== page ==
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Heavy shade: the effect of eucalyptus trees on anemones in the Western Negev

The many eucalyptus trees planted in the area have become an integral part of the landscape around Gaza. A new study examined their effect on the anemones and other unique plants in the region and suggests reconsidering their planting, as part of the restoration efforts

The Western Negev region abounds in a unique and unusual biological diversity of landscapes, flora and fauna. Photo: Yuval Neuman
The Western Negev region abounds in a unique and unusual biological diversity of landscapes, flora and fauna. Photo: Yuval Neuman

Beyond the many victims in body and soul, the Hamas attack on October 7 and the war that has been going on since then also have disastrous consequences for the nature of the Western Negev. The unique nature of the area suffered irreversible damage - many trees and plants were burned, agricultural areas and farms were abandoned and looted, and the open areas were severely damaged due to the passage of military tanks and the construction of defense batteries. The findings of a new study that examined the effect of the many eucalyptus trees in the area on the unique vegetation may help in rehabilitation processes and the preservation of local nature.

The research was conducted by Yuval Neuman, an undergraduate student at the Robert H. Faculty of Agriculture, Food, and Environment. Smith at the Hebrew University of Jerusalem, under the guidance of Dr. Niv De Malach, a senior lecturer in the faculty. It was held a few months before October 7, and published Recently also in the journal for environmental science and policy "Ecology and environment". The study examined the effect of the three most common eucalyptus species in the region on the flora, and specifically on the density of anemone flowers. Contrary to the common opinion that eucalyptus trees encourage anemones to bloom, the study found that two species of eucalyptus actually harm their blooming, due to the allelopathic property of the trees (more on that later) or due to the shading they create.

An integral part of the surrounding landscape

The Western Negev region abounds in a unique and unusual biological diversity of landscapes, flora and fauna wild animals, including rare and endangered species. The area is also characterized by the abundance of forests that were planted by Keren Kimet for Israel starting with the establishment of the state as part of the forestry enterprise in the country. Most of the trees planted in the area are eucalyptus trees, which over the years have become an integral part of the landscape of the open areas in the Gaza Envelope. The resistance of the trees to drought, combined with their rapid growth and their broad leaf canopy, made them natural candidates for planting in a semi-arid area such as the Western Negev. The planting of trees in this area is intended to provide shade for travelers, as well as to provide security by hiding the settlements close to the fence.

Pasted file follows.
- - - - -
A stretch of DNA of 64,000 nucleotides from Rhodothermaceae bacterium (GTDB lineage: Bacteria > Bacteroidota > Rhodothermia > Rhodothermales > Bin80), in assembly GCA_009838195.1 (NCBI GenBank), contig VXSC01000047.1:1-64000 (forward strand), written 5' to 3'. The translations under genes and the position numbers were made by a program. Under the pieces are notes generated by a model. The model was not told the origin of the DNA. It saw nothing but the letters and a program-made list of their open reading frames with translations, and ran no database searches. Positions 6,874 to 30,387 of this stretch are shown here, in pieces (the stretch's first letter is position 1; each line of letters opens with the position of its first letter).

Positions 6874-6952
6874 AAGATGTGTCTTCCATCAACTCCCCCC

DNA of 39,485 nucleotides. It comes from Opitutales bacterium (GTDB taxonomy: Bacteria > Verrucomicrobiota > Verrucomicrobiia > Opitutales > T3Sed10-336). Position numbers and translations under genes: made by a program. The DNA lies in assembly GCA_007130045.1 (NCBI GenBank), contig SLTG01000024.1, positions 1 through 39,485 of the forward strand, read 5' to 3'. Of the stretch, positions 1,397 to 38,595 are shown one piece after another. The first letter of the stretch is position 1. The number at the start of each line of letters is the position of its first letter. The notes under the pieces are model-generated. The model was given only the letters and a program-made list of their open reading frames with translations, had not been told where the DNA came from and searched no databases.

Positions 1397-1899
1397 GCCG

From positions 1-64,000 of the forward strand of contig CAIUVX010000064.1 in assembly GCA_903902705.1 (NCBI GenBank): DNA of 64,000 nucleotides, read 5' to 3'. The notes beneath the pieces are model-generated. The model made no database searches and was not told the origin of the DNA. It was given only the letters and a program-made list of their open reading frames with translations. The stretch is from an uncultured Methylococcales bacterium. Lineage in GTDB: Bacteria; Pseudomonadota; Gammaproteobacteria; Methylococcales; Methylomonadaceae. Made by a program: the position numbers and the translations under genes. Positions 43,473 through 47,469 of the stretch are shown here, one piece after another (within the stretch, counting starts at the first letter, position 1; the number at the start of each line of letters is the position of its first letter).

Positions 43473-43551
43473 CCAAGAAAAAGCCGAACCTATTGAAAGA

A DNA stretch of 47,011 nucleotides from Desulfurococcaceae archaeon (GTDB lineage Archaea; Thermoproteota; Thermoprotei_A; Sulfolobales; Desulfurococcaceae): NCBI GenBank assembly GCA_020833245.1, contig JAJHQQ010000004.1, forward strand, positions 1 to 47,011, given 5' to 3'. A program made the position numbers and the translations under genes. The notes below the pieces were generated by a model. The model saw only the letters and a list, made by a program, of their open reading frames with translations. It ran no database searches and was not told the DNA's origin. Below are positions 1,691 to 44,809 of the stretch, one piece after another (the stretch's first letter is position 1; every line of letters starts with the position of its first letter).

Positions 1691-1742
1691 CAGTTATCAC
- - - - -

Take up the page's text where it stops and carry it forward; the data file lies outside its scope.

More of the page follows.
The origin of the eucalyptus tree is in Australia. Of the 800 species of eucalyptus in the world, about 60 species grow in Israel. "Some claim that in Israel there are no local trees suitable for growing in a semi-desert area like the Western Negev, so eucalyptus is an excellent idea," Yuval Neuman, the editor of the study, explains the reason for the large number of eucalyptus trees in the Western Negev region. "also Beekeepers enjoy the eucalyptus Because some species bloom and provide nectar for bees for ten months of the year."

Allelopathy of the collared eucalyptus in the study area near Reim. Photo by Yuval Neuman
Allelopathy of the collared eucalyptus in the study area near Reim. Photo by Yuval Neuman

More shade, less anemones

Like other trees, the eucalyptus trees also shade the herbaceous vegetation (wild grasses and vegetation), and thus may interfere with the penetration of the sun's rays and damage the photosynthesis that is essential for plant growth. In addition to this, some eucalyptus species are attributed a property called allelopathy, which means inhibiting the growth of other plants by releasing chemical substances from the dry leaves on the ground. In view of the massive presence of eucalyptus in the Negev, it is surprising that until now their ecological effects on the vegetation in the area have hardly been examined. Neumann's research was designed to test these effects for the first time, and the timing of its publication made it, unfortunately, more relevant than ever as the area faces restoration. "Our motivation as ecologists is to be as objective as possible, to examine the effect of eucalyptus and give our professional opinion on the subject - does the tree reduce or enrich the diversity of species," he notes.

"It would be good if decisions about planting and preserving nature were made with a broad perspective." The research area near the Ra'im intersection, photo: Yuval Neuman
"It would be good if decisions about planting and preserving nature were made with a broad perspective." The research area near the Ra'im intersection, photo: Yuval Neuman

The study was conducted in the Bari and Ra'im forest area, where there are many eucalyptus trees that were planted in the 90s of the last century. One of the main findings of the study is the essential differences between the different types of eucalyptus, where each affects the plant in a different way. The study found that the three eucalyptus species present in the area reduce the herbaceous biomass by dozens of percent compared to other habitats in the area without trees, and that one of the species, the collared eucalyptus, significantly reduces the density of flowering anemones compared to the other species.

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